Buying a car from a dealership has many advantages over buying from a private seller, despite the fact the cost may be slightly higher. The tradeoff comes in the form of more legal protection should the worst happen.
That being said, you still shouldn’t assume that all dealers will be as reputable as one another. Here are the guidelines you should follow in order to get the best deal possible and avoid any mishaps:
Make sure the dealership is reliable
When it comes to choosing a dealership, the one thing you will not be short on is choice. There are plenty of them out there, and not all of them are reputable.
To find the right one you should:
- Look at a companies history. If they have been in business a long time, the odds are, they have good codes of practice in places. Dodgy dealerships tend to last a few years at the most before word gets around.
- Dealers which follow codes of practice are often members of trade associations. This membership assures you that the service they provide will be up to standard. Don’t forget to check with the trade association to see if they really are members.
- Ask friends and family for a recommendation. If they cannot give you any help, check online.
- Try to choose a dealer who has their cars inspected by an independent body. Be sure to ask for a copy of the inspection report.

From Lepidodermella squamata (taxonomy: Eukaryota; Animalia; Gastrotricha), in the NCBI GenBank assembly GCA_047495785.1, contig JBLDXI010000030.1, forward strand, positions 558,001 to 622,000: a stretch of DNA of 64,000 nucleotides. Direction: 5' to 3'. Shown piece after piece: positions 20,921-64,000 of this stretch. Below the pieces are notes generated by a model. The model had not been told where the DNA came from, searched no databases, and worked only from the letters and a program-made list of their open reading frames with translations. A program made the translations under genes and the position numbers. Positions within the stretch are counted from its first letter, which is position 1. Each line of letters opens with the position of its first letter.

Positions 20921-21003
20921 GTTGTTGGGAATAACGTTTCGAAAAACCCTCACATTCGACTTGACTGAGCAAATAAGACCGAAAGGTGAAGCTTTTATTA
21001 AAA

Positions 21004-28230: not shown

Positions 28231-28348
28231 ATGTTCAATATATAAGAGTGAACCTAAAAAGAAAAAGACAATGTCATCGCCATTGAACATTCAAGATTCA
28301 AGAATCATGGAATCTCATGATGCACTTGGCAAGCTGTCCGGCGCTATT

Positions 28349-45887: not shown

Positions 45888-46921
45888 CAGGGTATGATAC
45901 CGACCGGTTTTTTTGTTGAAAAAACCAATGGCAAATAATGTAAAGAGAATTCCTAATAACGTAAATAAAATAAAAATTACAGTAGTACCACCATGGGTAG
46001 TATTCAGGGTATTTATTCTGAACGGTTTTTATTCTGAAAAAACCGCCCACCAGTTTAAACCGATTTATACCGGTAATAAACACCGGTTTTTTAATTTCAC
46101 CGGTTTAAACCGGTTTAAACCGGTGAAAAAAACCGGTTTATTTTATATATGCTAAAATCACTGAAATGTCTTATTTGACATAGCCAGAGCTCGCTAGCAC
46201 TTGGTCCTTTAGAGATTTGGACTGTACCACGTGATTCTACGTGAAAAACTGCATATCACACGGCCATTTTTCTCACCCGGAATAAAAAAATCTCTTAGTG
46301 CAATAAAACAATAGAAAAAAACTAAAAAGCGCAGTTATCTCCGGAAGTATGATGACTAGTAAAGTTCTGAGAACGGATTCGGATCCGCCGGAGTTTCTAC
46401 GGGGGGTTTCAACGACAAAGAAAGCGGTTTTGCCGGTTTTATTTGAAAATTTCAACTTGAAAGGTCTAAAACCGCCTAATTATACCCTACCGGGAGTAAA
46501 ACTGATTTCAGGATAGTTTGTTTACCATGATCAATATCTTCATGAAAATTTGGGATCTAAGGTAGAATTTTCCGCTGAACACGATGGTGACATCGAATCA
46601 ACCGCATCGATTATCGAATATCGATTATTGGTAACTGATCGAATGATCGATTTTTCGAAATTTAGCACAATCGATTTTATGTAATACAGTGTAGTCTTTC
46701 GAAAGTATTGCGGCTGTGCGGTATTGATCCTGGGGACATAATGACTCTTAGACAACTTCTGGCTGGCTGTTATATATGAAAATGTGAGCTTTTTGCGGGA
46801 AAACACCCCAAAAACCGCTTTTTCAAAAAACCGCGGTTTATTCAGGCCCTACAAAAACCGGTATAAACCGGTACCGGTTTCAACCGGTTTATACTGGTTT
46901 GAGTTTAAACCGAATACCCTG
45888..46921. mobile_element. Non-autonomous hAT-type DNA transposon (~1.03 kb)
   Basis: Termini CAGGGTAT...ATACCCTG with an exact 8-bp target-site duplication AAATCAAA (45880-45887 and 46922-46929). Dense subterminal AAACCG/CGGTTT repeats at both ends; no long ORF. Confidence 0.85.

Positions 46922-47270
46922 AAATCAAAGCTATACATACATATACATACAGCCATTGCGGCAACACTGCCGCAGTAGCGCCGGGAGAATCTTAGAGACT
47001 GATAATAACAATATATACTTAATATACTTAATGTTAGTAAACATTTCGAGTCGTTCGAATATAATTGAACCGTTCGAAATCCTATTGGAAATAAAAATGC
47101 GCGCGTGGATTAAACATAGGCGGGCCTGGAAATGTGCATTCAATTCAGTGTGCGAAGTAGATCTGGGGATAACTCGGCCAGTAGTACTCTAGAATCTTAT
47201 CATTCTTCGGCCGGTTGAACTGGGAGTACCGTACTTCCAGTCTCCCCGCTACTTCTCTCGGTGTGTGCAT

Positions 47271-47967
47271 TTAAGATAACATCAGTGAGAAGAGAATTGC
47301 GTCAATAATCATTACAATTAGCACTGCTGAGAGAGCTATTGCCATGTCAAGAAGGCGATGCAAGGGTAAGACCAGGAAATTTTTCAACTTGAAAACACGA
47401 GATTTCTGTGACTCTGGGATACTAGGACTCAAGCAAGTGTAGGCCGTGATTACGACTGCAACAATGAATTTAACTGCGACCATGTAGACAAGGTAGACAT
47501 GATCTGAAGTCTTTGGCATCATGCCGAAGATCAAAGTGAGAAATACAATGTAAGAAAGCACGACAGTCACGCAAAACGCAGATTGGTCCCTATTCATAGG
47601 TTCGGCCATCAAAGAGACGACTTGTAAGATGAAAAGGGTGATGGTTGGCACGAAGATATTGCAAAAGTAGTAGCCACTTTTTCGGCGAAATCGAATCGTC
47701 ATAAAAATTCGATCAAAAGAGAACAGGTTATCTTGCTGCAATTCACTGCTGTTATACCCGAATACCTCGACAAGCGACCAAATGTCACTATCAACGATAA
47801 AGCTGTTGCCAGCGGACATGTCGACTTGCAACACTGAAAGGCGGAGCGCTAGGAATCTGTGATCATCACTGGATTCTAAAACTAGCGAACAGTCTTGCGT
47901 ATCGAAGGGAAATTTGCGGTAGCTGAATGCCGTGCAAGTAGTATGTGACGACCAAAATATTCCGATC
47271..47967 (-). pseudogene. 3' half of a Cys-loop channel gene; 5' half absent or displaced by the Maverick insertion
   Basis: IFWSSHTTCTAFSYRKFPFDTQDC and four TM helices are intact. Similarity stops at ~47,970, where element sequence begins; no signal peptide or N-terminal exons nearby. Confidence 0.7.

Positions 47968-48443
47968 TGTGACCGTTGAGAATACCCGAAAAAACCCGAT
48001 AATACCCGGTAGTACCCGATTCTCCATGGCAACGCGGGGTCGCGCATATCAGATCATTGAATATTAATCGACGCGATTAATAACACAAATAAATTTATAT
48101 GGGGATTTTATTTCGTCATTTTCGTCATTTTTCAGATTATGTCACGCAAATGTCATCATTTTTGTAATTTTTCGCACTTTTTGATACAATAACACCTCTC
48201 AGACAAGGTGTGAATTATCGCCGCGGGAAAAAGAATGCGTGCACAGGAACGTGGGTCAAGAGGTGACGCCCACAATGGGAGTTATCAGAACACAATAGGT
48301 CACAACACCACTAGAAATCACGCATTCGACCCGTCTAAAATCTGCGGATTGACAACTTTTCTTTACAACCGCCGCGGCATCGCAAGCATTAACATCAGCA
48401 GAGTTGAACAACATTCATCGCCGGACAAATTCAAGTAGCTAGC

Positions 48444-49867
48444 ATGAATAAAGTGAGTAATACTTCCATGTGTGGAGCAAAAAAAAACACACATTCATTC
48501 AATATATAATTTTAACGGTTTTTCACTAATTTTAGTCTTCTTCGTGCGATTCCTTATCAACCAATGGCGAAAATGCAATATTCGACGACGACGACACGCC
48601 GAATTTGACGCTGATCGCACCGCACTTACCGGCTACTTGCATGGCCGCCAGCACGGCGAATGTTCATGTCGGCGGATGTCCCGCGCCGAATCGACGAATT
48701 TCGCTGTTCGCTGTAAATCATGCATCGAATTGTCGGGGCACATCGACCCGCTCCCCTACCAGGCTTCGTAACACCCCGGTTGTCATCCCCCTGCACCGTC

- Signs claiming that no refunds will be given, or that cars are ‘sold as seen’ should set alarm bells ringing. These kind of terms will limit your rights and can lead to trouble further down the road.
Things to look out for
When you have chosen your dealership, the next step is making sure the car you want to purchase is all above board.
The car you purchase should be of ‘satisfactory quality’. What this is exactly is difficult to define as there isn’t a precise definition of the term when talking about used cars. You should make sure you are happy with the condition of the car in relation to the asking price, taking into account things such as age, mileage and condition.
The next step is to check the car matches its description. A car’s description isn’t just what is written in the advert; it is everything that you have been told about the vehicle, including over the phone and in person. Check the mileage advertised matches what is shown on the dashboard and that all additional features, such as power windows, work fully.
Selling a car which is not roadworthy is illegal under the Road Traffic Act. If you have been sold a car which is unroadworthy, without it being advertised for ‘repair or spares’, then the seller has committed an offence.
If you think the car you have purchased is unroadworthy, then it is important you do not drive it, as you could be held accountable.
Keep these tips in mind and buying a new car from a dealership should be a simple process!
This blog was written by Mark Enright, a writer for Evans Halshaw, the used car specialists.